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Tuesday, 26 June 2012
Page: 8136

Mr NEUMANN (Blair) (18:19): I am not prepared to take the word of the member for Goldstein on regulations. He is hardly the most numerate man in the chamber. He is the guy with the $70 billion black hole. I think he was there when the coalition was announcing, during the campaign, their response to the NBN. I think he was there with the member for Casey. There was this extraordinary press conference. They completely fluffed it. In any event—

Mr Haase: Madam Deputy Speaker, I rise on a point of order on relevance. I wish that the member would come back to the point.

The DEPUTY SPEAKER ( Ms Grierson ): I agree with you. I have been very tolerant. I hope the member for Blair is going to address the bill before us.

Mr NEUMANN: I will. The member for Goldstein waxed lyrical in criticism of us. This legislation does what it says it does. It is a stocktake piece of legislation—one of a series of about five—getting rid of 93 appropriation acts from back in the days when Bob Hawke was the Prime Minister in 1984-85 through to the days when John Howard was the Prime Minister in 1998-99. It also gets rid of 35 supply acts from the same period, three acts containing redundant special appropriations from the Treasury portfolio and three provisions on two special appropriations from the Finance portfolio. It does not appropriate any money; it is good housekeeping. It repeals whole items of legislation and special appropriations within acts that are simply otiose. In the circumstances it is worthwhile legislation. We know there is a lapsing—that is, if the money is not allocated at the end of the financial year, the legislation has no force and effect on the appropriation, so there is no loss of federal government money there.

This legislation is part of a series of statute stocktake bills dating back to 1998—a process to clean out the statute books. We are doing it, and I am pleased that those opposite are supporting it. But all too often they did not do these sorts of things when they were in power, so they can hardly criticise us for doing it. We have stepped up. I think the member for Goldstein criticised us about what we are doing on legislative instruments. We have had a series of amendments introduced by the Attorney-General on the Legislative Instruments Act 2003. These amendments have contributed to getting rid of that tranche of legislation, which is unnecessary and redundant. The Special Minister of State put it well when he said in his second reading speech on 20 June 2012 that the government has stepped up its deregulation reform program, including the progress made at the business advisory forum in May 2012 and the Prime Minister's economic forum in June 2012. I notice that my new premier, Premier Campbell Newman, did not have the grace, humility, determination or credit to attend the forum. He was too busy, he said. Sadly, he was not interested in the deregulation process that we are undertaking.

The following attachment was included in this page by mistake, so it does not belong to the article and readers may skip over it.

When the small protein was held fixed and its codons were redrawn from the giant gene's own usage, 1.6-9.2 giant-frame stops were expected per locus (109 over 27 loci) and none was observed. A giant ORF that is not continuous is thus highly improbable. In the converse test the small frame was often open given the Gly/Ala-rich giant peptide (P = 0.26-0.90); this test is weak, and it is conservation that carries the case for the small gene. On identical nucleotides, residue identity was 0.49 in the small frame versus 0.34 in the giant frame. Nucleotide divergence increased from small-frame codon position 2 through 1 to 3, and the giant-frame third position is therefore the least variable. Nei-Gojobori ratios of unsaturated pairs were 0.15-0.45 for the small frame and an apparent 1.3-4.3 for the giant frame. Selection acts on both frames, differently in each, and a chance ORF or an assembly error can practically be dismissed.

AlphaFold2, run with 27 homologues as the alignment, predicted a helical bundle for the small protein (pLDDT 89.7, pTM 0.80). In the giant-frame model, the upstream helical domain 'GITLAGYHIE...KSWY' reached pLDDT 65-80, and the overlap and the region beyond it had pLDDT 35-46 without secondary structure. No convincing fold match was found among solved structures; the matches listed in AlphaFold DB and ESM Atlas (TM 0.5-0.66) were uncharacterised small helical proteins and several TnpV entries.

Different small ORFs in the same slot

I notice a document signed by my friend the Assistant Treasurer and Minister Assisting on Deregulation, who is sitting beside me. It makes reference to what we are doing on deregulation in this legislation—it is streamlined, effective, productive, and it is an annual update on the Australian government's deregulation agenda, which this legislation is part of. The forward to the legislation says what this government is about. What this legislation before the chamber really makes clear is that good quality regulations are key to achieving the Australian government's objectives of improved productivity, increased competitiveness, economic growth and equity. That is what this legislation is about. Regulatory reform is a process. It is an ongoing task. It should be pursued. Legislation such as this is important. We were criticised by the member for Goldstein for removing regulation and for the deregulation process. He should have a look at what we have done in the last 12 months—removing about 12,000 instruments, including a number of instruments that are contained in the Legislative Instruments Act 2003. He should have a look at the fact that there are a further 2,600 instruments under consideration for removal as part of the review process. He should give us credit for actually fixing up things that he did not have the intention and determination to do when his government was in power and when he was a minister and sat on the treasury bench. In the circumstances, I commend the legislation to the House.